Mozartiana was particularly beautiful, especially the commanding presence and clear phrasing of Maria Kowroski. I found it extremely moving. I also liked Daniel Ulbricht way more than I usually do, and I've seen him in this role a lot. He's always amazing technically, but this time he seemed more flexible, more human, more interesting and nuanced than usual. I am eager to see him again later in the week. I also can't wait to see Huxley in this role. 

Finally, Ballet Imperial. I'm much less familiar with this piece, but I absolutely loved it, and it puts me in the mind of other pieces I've seen only too rarely, such as Ballo della Regina and Divertimento No. 15. When are they coming back?? Joseph Gordon looked great, appealing, elegant, crisp yet oh so airy. The partnering was unfortunately awkward at times, but he keeps on going with an air of command and serenity, and honestly, something intangible about him just makes me love him. 

I have tonight off, then on to a marathon of performances. Can't wait!

Edited by cobweb
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4 minutes ago, cobweb said:

It seems like we're discussing the whole season now, not just opening night, so I'm reviving this thread. Re abatt's question on the other thread - it's great to see Isabella LaFreniere and Emily Kikta back in action, and I'm pretty sure I saw Alston Macgill in the background in Orpheus on opening night. 

The Serenade, Mozartiana, and Tschai Piano Concerto No. 2 (why can't we go with the shorter, more felicitous "Ballet Imperial"?) program is a crowd pleaser. I plan to be at probably every performance of this program, mainly because I don't want to miss any opportunity to see the last listed, which I have seen far less than the others. I thought all received lovely performances last night.

It felt like it's been ages since I've seen Serenade; that's probably not true, but it's just so beautiful I felt a rush of joy. Only issue I saw was that Aaron Sanz (I think a debut, subbing for the debut of Preston Chamblee) needs to develop more confidence being center stage. Up there all alone, partnering three grand ballerinas and a slew of other women flying through, he didn't convey serenity and command. Hard to believe, but it made me miss Ask LaCour, at least I have confidence in him to get through complex partnering. Sanz has the talent, IMHO, and the magnetism, but needs more confidence when he's out there all alone.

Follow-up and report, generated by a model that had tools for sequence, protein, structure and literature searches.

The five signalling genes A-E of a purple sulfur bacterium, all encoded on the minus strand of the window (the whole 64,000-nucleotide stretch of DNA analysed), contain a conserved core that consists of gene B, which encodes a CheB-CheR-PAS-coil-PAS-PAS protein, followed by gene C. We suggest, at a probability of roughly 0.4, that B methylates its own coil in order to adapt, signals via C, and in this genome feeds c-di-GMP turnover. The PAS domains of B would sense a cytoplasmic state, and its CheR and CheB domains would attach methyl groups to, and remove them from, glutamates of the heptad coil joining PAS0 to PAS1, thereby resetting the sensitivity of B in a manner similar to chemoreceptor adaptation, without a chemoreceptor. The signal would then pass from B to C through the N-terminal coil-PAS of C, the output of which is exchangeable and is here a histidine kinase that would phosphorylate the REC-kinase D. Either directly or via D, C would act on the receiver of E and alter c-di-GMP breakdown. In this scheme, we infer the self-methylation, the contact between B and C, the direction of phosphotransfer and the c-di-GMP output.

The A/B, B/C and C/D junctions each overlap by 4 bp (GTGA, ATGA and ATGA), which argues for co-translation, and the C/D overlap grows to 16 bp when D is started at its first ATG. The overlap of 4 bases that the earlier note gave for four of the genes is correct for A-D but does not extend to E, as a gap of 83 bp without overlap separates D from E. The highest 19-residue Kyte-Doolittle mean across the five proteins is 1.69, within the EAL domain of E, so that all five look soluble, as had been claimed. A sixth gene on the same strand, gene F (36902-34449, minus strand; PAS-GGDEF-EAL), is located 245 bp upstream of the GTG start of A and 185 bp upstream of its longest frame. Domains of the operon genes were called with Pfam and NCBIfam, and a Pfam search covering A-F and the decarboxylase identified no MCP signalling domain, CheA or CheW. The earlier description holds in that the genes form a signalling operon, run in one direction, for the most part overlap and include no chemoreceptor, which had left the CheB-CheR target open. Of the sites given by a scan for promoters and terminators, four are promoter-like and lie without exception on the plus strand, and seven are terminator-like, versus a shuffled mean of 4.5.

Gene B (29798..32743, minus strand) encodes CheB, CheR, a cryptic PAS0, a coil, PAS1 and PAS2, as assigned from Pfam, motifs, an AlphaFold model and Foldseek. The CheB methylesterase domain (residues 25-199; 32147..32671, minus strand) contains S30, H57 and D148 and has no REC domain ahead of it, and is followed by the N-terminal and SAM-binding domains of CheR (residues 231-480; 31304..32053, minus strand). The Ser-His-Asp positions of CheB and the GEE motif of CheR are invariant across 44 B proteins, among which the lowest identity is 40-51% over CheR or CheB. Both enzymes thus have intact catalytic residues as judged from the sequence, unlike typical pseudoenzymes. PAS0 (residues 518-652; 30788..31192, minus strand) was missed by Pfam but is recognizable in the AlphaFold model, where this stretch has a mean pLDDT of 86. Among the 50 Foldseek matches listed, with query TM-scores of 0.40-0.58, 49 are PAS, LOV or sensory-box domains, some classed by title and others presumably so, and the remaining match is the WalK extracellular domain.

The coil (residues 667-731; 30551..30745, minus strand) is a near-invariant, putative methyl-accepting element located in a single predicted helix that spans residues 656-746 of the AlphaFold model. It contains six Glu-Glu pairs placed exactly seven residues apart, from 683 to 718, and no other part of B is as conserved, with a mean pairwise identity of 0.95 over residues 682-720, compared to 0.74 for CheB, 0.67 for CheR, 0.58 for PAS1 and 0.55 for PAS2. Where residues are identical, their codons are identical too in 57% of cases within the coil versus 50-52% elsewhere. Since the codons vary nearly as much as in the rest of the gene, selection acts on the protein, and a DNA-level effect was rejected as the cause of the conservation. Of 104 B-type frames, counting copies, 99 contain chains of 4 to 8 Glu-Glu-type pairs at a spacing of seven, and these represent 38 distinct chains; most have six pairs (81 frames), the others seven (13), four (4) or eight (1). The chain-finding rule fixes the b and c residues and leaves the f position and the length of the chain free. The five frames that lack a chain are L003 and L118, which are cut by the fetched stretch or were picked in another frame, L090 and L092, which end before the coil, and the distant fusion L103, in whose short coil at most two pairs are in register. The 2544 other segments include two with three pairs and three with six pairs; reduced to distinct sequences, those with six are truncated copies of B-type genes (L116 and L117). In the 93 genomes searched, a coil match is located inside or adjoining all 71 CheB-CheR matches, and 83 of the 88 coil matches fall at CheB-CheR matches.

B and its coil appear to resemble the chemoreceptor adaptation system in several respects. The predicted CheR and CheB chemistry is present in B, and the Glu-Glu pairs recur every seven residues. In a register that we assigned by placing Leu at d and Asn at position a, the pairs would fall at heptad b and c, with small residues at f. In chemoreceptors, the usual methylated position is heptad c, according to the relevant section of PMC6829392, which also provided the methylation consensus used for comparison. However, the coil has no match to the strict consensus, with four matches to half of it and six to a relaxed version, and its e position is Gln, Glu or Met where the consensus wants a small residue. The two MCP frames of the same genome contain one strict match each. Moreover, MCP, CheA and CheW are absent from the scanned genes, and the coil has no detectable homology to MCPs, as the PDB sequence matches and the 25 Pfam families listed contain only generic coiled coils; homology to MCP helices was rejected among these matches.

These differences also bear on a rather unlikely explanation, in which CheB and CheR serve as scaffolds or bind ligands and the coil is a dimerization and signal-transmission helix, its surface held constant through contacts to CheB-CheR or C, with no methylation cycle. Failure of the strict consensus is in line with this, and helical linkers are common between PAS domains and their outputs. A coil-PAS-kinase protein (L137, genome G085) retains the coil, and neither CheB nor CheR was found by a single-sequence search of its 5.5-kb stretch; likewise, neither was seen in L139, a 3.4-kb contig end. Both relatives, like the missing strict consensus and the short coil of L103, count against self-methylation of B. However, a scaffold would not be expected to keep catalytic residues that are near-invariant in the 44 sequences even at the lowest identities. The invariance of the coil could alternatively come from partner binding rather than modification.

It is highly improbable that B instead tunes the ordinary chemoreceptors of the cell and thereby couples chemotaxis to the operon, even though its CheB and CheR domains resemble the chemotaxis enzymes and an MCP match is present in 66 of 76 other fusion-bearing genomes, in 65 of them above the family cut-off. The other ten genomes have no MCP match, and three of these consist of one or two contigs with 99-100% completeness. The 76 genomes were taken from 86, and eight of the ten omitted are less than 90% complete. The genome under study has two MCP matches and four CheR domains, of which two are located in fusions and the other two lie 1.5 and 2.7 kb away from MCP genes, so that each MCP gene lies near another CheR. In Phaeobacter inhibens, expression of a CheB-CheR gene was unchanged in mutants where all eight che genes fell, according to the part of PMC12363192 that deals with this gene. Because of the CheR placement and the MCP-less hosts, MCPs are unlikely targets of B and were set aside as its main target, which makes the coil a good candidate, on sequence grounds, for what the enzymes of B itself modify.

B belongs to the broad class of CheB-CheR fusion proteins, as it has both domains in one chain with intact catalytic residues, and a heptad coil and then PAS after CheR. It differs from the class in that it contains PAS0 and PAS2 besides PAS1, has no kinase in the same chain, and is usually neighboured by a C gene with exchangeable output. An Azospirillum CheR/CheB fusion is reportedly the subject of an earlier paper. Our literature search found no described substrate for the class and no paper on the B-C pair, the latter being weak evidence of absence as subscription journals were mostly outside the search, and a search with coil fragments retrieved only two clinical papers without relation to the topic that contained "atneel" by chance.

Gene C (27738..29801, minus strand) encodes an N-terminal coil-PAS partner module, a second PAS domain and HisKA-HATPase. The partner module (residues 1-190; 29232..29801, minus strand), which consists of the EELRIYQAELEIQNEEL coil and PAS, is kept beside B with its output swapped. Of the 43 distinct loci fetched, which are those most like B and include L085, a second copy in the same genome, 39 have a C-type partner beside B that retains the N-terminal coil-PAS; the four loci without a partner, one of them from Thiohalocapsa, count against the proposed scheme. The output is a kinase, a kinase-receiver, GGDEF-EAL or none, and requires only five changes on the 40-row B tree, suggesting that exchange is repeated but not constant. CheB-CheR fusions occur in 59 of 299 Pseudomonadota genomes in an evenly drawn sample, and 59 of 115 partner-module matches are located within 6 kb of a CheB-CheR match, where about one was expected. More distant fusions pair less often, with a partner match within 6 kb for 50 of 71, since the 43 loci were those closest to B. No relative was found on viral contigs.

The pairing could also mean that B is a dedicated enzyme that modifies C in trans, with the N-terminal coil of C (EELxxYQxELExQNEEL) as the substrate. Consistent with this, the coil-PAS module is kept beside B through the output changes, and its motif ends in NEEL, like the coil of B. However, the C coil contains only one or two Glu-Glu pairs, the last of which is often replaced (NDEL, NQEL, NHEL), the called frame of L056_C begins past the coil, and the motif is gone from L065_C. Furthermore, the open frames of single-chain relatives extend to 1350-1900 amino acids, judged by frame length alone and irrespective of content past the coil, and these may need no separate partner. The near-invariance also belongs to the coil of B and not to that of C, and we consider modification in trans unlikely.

Mozartiana was particularly beautiful, especially the commanding presence and clear phrasing of Maria Kowroski. I found it extremely moving. I also liked Daniel Ulbricht way more than I usually do, and I've seen him in this role a lot. He's always amazing technically, but this time he seemed more flexible, more human, more interesting and nuanced than usual. I am eager to see him again later in the week. I also can't wait to see Huxley in this role. 

Finally, Ballet Imperial. I'm much less familiar with this piece, but I absolutely loved it, and it puts me in the mind of other pieces I've seen only too rarely, such as Ballo della Regina and Divertimento No. 15. When are they coming back?? Joseph Gordon looked great, appealing, elegant, crisp yet oh so airy. The partnering was unfortunately awkward at times, but he keeps on going with an air of command and serenity, and honestly, something intangible about him just makes me love him. 

I have tonight off, then on to a marathon of performances. Can't wait!

I absolutely loved "Ballet Imperial" too!  I had never seen it and was captivated.  And Serenade, for me, often moves into the realm of the mystical.  

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Forgot to add that it was a "See the Music" night. Usually I hate these. But, I have to say that Andrew Litton was a very entertaining speaker. I'd still rather take those 10 minutes and be able to get home earlier on a weeknight, but Litton, with his casual, heartfelt love for the music was very funny.